This report provides recommendations developed collaboratively by CDC and the Office of Population Affairs (OPA) of the U.S. Department of Health and Human Services (HHS). The recommendations outline how to provide quality family planning services, which include contraceptive services, pregnancy testing and counseling, helping clients achieve pregnancy, basic infertility services, preconception health services, and sexually transmitted disease services. The primary audience for this report is all current or potential providers of family planning services, including those working in service sites that are dedicated to family planning service delivery as well as private and public providers of more comprehensive primary care. The United States continues to face substantial challenges to improving the reproductive health of the U.S. population. Nearly one half of all pregnancies are unintended, with more than 700,000 adolescents aged 15-19 years becoming pregnant each year and more than 300,000 giving birth. One of eight pregnancies in the United States results in preterm birth, and infant mortality rates remain high compared with those of other developed countries. This report can assist primary care providers in offering family planning services that will help women, men, and couples achieve their desired number and spacing of children and increase the likelihood that those children are born healthy. The report provides recommendations for how to help prevent and achieve pregnancy, emphasizes offering a full range of contraceptive methods for persons seeking to prevent pregnancy, highlights the special needs of adolescent clients, and encourages the use of the family planning visit to provide selected preventive health services for women, in accordance with the recommendations for women issued by the Institute of Medicine and adopted by HHS.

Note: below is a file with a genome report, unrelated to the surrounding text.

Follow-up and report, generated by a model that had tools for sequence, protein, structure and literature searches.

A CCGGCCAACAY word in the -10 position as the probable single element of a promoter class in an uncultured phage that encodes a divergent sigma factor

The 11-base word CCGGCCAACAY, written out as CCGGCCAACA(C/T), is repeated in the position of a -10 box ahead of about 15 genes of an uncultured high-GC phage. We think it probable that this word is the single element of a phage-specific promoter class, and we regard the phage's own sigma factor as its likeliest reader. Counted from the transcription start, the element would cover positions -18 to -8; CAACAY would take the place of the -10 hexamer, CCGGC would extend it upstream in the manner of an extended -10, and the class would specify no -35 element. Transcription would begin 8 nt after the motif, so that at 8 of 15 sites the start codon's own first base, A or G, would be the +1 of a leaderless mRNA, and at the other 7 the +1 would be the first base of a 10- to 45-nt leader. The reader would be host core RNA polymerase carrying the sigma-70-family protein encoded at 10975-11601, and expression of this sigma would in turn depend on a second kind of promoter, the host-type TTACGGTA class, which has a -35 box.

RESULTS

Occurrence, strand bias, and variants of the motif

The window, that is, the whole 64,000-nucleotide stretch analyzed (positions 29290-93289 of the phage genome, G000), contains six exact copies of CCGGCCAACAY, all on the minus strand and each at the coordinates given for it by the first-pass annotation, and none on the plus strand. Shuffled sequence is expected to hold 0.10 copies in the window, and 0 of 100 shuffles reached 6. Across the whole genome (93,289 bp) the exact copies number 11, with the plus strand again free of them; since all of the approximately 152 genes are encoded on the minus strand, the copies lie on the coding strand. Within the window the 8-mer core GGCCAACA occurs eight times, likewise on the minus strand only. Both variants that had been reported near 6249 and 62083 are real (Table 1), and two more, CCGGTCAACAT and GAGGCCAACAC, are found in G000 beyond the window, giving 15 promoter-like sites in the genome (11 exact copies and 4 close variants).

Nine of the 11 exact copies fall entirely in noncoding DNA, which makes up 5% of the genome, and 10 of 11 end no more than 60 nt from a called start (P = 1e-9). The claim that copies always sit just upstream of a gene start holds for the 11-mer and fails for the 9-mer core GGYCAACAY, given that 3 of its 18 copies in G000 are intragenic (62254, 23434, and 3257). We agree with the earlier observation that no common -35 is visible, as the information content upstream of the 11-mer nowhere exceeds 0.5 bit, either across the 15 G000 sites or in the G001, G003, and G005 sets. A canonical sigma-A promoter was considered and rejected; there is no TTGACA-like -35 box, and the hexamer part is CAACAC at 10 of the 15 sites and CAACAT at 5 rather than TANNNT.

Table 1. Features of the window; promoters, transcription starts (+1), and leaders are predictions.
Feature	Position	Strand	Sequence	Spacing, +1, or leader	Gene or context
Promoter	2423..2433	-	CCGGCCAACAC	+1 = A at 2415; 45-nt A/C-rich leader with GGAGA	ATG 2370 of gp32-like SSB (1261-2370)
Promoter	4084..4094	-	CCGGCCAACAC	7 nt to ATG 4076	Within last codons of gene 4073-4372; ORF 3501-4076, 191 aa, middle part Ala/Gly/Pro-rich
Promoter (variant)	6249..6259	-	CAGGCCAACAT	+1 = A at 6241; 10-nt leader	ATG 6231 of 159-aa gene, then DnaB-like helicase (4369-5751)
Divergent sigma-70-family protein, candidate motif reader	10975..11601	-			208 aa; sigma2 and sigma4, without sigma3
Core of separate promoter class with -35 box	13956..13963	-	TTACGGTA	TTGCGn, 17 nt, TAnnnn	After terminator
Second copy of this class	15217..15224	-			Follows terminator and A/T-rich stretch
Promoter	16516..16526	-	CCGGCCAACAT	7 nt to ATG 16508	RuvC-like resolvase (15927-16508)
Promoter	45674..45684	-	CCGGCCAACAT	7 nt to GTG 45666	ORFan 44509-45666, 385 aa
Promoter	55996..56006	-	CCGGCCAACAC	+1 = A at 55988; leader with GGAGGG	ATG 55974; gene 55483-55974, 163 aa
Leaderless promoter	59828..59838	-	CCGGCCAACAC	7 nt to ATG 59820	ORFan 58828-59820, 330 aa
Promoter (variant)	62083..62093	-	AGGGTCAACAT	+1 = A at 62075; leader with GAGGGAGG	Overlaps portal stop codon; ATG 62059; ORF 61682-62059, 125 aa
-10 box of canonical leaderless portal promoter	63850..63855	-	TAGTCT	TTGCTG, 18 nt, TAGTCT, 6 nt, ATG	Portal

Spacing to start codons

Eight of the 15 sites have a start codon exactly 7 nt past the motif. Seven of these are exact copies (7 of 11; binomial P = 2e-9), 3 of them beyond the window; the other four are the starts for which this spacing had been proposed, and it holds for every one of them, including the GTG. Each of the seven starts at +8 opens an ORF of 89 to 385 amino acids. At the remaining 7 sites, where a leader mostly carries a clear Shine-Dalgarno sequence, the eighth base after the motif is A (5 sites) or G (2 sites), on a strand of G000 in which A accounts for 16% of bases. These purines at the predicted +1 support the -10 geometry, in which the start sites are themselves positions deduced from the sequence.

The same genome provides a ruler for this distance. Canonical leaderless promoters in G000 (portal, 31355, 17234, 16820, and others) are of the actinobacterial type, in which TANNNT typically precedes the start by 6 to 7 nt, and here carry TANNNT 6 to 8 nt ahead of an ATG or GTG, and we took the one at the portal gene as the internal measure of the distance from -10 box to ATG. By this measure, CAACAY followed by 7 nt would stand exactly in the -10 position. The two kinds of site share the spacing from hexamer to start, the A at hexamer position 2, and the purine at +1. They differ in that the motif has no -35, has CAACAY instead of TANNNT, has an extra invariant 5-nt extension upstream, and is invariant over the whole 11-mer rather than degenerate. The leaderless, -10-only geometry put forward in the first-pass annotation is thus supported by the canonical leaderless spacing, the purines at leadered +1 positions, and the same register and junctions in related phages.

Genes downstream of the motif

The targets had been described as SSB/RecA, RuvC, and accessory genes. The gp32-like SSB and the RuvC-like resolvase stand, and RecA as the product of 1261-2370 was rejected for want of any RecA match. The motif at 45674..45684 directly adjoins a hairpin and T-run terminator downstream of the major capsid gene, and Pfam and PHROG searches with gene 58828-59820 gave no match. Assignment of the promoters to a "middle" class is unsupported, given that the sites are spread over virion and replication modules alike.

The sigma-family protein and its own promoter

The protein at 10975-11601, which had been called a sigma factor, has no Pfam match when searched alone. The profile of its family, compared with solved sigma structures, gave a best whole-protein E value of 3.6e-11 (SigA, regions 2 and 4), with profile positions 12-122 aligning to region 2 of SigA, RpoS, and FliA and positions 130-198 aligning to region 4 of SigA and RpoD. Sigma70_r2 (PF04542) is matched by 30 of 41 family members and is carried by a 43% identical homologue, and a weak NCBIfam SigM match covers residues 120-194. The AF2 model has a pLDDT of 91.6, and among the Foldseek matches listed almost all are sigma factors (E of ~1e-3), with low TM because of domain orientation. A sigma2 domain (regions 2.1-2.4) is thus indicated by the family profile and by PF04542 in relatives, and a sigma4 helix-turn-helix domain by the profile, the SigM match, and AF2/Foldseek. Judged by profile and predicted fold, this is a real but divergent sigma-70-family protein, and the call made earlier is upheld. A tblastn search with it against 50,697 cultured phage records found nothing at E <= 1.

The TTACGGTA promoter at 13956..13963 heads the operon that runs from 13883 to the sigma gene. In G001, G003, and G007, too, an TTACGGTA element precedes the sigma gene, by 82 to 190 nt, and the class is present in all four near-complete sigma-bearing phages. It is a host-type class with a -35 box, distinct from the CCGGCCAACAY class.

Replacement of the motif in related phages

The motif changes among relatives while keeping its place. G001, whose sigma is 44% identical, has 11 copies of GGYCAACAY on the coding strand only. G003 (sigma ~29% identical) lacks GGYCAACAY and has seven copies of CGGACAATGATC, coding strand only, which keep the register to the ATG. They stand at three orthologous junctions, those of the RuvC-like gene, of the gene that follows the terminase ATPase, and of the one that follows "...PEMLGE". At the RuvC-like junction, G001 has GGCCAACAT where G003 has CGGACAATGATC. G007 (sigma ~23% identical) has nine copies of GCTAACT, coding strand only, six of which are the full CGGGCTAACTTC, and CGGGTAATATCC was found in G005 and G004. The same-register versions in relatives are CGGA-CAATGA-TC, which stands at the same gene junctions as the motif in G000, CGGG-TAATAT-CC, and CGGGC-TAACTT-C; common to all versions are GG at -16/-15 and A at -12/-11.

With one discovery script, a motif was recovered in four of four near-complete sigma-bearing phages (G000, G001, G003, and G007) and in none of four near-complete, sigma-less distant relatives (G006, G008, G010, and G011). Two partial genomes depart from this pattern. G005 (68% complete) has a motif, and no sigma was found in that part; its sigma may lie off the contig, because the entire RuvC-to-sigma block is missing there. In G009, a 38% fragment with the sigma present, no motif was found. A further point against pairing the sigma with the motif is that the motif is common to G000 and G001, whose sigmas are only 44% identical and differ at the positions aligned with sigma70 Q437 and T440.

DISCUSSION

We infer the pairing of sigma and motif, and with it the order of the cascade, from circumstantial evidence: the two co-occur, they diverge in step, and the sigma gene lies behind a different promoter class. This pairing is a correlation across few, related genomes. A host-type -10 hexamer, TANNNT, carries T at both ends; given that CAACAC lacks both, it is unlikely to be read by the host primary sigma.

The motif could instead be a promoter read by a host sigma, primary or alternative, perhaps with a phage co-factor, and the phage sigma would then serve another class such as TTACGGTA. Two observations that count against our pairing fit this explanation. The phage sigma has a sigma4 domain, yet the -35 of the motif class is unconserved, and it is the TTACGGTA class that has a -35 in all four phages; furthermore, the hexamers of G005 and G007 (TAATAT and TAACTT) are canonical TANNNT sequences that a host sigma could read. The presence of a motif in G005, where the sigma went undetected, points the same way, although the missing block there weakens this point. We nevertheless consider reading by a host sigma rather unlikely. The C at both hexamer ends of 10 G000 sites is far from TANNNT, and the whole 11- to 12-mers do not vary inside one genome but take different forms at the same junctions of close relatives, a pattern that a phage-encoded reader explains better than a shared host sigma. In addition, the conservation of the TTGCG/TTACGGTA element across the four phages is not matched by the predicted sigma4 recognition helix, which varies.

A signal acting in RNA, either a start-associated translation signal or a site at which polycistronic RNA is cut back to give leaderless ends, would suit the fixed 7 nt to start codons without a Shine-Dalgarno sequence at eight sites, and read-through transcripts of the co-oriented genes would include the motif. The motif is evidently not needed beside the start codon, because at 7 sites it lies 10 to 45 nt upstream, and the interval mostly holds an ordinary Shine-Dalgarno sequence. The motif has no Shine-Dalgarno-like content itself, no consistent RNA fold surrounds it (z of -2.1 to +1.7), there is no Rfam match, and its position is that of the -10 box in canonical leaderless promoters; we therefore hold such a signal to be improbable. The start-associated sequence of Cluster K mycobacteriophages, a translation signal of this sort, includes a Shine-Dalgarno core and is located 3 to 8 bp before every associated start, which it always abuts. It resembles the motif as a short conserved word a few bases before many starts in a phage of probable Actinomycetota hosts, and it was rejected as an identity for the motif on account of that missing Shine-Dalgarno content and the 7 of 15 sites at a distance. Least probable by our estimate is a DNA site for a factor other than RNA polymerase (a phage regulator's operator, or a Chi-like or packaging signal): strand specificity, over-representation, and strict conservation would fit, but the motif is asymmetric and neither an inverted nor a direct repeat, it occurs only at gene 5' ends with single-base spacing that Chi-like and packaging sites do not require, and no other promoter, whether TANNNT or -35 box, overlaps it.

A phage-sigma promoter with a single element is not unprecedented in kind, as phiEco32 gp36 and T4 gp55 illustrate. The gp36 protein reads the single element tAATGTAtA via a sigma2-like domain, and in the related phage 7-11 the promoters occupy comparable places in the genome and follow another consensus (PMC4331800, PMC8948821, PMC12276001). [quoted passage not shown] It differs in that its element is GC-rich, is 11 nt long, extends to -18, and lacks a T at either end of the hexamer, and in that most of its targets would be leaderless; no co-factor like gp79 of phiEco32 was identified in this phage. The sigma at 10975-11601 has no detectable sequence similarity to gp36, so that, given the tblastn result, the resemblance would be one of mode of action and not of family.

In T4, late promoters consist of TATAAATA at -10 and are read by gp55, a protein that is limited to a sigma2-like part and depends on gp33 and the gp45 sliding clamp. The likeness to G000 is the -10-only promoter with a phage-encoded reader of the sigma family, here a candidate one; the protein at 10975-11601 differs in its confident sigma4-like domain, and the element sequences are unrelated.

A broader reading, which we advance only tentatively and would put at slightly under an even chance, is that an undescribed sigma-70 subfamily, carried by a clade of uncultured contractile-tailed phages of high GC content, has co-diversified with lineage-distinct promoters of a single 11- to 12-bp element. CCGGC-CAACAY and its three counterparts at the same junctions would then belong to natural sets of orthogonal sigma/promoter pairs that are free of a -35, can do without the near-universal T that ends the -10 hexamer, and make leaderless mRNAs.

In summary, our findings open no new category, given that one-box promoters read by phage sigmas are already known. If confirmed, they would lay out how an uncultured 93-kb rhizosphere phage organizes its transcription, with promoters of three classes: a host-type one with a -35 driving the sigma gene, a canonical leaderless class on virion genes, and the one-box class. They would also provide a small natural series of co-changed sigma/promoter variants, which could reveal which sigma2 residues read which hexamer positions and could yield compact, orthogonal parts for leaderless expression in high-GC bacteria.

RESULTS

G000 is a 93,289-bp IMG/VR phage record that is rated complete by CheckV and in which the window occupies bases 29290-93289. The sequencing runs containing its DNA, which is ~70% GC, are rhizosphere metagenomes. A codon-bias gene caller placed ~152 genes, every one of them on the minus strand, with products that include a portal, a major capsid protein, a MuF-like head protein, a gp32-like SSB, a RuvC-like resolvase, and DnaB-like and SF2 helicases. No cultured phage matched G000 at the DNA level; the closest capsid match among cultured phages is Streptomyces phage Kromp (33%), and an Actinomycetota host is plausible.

|Original language||English (US)|
|Journal||MMWR Recommendations and Reports|
|State||Published - 2014|
ASJC Scopus subject areas
- Health(social science)
- Health, Toxicology and Mutagenesis
- Health Information Management